The Emergency Care Research Institute (ECRI) endorsed these guidelines in 1995, [5] and the Amherst (NY) Technology Assessment Program of the HMO Group [6], also the Board of the Society of Pelvic Reconstructive Surgeons in 1999, the National Guideline Clearinghouse in 2000 supported by the American Medical Association, the American Association of Health Plans and the U.S. Agency for Healthcare Research and Quality [7], and United Healthcare, the nation largest insurer [8].

These guidelines were developed to assist physicians with their surgical practice to make surgical decisions based on objective evidence rather than personal preferences, or the acceptance of invalid contraindications to the vaginal approach to provide the best possible decision-making for surgeons and their patients.

The guidelines developed by the author were exposed to residents and Fellows to determine what hysterectomy route was proven to be appropriate. Residents and Fellows decision-making on the route of hysterectomy selected by following the guidelines performed 99% of 11,094 cases performed vaginally and resulted in a ratio of 1:92 abdominal to vaginal hysterectomy.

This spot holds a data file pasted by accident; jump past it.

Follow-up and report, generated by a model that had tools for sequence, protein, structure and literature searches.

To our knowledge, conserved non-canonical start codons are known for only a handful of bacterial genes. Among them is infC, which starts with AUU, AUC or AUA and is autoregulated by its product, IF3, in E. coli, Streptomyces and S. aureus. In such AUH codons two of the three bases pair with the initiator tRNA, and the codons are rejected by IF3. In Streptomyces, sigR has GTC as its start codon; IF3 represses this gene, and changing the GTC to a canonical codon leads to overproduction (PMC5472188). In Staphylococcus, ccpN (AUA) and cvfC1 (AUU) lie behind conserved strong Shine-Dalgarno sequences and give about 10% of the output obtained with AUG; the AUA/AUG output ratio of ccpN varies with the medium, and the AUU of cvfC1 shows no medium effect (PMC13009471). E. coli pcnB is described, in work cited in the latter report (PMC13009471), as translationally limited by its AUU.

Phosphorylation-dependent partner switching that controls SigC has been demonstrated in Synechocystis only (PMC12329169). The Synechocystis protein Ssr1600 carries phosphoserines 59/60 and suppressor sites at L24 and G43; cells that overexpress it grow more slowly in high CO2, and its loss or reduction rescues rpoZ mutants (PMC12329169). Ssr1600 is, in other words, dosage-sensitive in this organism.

I determined that it would probably be helpful to present the values of the decision tree for hysterectomy in an additional report. Each diagnosis requiring hysterectomy is presented in Figures 1 thru 9. If a diagnosis suggests the need for a hysterectomy, then every indication requires adequate documentation.

Vaginal accessibility is determined by pelvic examination. Nulliparity is not a contraindication to the vaginal route, but virginity may be. Uterine size is documented by pelvic ultrasound that reports an accurate measurement of uterine size of <280 g or >280 g rather than gestational week-size that is an obstetrical measurement.

If presumptive extrauterine disease is a potential concern, then Laparoscopy-assisted vaginal hysterectomy (LAVH) is of value to evaluate if extrauterine pathology is absent, mild, or severe? [4]. However, only the original description of LAVH should be performed.

Since the concept minimally invasive hysterectomy has been promoted, there has been an exuberant uptake of laparoscopic and robotic hysterectomy, but those methods are suggested because of concern for possible extrauterine disease and their extent. It is also time for laparoscopic surgeons and companies to consider the vaginal route as a minimally- invasive hysterectomy.

Each diagnosis requiring a hysterectomy was evaluated in terms of vaginal accessibility, uterine size, and the presence of presumptive extrauterine disease. Figure 1 demonstrates how these three assessments are useful to determines what type of hysterectomy is possible and successfully performed.